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In the Senate of the United States, the filibuster has gone from dramatic to ho-hum in just a few years. Filibuster rules allow a minority of forty-one Senators to prevent even fifty-nine out of a hundred from cutting off endless debate and proceeding to an up or down majority vote. Filibusters used to happen infrequently and mainly on very controversial issues, but nowadays Senators and pundits take it for granted that bills cannot pass without a sixty vote supermajority.
Today’s virtual gridlock is due to increasing polarization between the two major parties, coupled with the determination of the minority party to any block government actions supported by the majority. Debates rage about whether it is prudent for the minority to obstruct just because it can. But what about institutional rules? Defenders of the now frequently invoked filibuster claim that minority obstruction is a defining feature of the Senate, supposedly grounded in rules and practices that go back to the first Congresses and the constitutional design of the Founding Fathers.
But such arguments are false, as my colleague Gregory Wawro and I have discovered. For most of the Senate’s history, a simple majority was sufficient to pass legislation. Routine obstruction using the filibuster is a recent development, not a timeless given. And if a simple majority of today’s Senators wanted to modify filibuster practices enabling gridlock, they could do so.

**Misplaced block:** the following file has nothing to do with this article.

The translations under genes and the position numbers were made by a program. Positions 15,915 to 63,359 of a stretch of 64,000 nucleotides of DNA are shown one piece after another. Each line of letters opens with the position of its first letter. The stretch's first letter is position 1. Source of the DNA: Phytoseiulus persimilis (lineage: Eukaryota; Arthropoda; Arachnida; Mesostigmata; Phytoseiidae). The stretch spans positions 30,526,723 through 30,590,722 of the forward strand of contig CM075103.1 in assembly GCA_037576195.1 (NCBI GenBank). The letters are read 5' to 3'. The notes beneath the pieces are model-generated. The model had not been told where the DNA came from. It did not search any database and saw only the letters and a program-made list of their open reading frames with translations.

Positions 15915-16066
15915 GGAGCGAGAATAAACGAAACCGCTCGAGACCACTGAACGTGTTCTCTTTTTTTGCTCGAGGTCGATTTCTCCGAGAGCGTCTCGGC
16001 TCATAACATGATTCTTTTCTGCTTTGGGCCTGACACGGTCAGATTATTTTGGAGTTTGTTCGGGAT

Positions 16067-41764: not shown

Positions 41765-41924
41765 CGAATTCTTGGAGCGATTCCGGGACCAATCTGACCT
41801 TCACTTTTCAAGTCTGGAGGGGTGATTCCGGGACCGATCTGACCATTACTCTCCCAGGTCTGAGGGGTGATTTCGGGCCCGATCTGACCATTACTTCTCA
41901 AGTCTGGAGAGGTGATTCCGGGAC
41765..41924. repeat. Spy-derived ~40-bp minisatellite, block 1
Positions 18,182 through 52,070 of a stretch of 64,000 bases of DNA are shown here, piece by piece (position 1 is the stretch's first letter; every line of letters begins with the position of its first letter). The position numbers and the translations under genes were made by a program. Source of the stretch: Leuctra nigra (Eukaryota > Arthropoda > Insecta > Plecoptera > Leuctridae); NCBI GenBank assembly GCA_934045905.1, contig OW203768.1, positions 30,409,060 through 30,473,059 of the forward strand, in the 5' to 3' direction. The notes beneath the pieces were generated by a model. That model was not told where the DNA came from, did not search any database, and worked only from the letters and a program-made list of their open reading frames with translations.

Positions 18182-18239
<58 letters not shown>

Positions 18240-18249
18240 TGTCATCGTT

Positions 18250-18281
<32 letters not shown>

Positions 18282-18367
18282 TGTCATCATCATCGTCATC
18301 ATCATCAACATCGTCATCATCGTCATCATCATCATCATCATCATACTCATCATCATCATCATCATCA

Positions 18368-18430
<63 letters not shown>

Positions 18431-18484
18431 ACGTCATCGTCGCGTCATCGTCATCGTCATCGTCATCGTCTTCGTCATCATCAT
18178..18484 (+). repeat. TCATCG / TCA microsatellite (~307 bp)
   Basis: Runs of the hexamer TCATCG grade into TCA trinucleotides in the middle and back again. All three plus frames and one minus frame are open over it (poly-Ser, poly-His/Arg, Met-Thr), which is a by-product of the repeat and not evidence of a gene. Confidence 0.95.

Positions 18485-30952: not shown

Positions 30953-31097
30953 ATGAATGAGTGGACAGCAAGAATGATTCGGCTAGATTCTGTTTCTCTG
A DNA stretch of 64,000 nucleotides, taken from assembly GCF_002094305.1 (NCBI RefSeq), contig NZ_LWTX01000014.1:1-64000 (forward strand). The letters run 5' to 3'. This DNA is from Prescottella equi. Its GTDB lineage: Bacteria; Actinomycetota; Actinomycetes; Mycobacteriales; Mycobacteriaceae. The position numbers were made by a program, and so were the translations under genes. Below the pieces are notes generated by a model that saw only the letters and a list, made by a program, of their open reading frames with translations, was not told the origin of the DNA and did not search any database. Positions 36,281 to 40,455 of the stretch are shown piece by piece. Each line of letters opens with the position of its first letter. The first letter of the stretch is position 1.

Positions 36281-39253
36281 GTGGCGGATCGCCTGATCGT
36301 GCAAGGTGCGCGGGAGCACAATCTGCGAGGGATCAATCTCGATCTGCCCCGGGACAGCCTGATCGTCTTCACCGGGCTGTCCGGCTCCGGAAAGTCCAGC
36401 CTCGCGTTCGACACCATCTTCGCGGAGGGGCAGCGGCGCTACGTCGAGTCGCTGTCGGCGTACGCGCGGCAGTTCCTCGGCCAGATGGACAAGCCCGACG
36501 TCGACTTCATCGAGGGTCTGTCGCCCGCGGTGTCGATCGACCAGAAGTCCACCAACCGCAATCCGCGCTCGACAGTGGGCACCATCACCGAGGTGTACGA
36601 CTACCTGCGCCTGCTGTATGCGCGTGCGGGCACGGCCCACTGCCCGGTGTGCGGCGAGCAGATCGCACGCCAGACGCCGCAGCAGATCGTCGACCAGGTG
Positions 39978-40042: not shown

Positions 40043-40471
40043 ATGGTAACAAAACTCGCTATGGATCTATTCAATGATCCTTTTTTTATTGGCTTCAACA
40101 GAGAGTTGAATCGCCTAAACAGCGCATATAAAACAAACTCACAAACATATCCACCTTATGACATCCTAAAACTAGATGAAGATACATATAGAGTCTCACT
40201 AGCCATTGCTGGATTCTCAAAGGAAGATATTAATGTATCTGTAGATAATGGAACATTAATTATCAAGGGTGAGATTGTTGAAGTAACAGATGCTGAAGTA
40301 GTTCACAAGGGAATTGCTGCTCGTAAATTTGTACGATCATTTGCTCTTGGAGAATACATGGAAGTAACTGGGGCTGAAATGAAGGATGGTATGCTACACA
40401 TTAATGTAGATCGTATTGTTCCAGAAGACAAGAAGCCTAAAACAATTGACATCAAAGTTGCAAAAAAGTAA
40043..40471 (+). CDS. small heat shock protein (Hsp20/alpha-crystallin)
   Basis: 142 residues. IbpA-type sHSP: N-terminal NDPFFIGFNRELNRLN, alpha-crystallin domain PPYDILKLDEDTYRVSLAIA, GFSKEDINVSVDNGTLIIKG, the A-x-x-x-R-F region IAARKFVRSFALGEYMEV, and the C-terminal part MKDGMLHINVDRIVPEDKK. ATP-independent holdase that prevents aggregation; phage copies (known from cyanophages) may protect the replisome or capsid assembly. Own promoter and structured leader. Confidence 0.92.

How Things Used to Work
For most of the Senate’s history, highly controversial and consequential legislation frequently passed by bare majorities. The two major parties once took different stands on tariffs, which were central to the functioning of the national economy. Yet tariff bills regularly passed with a slim majority voting yes. Of 19 major tariff bills enacted from 1828 to 1932, thirteen were approved with fewer than two-thirds voting in favor, and nine bills passed with less than 60% support. As senators built coalitions to pass legislation, their target was a floor majority – not unanimity or even a supermajority. Beyond tariffs alone, many landmark U.S. laws enacted in the nineteenth century would have failed had the current system requiring supermajority support been in place. From 1881 to 1917, almost half of the landmark laws passed with less than twothirds of the Senate voting in favor; and a fifth of them passed with less than 60% support.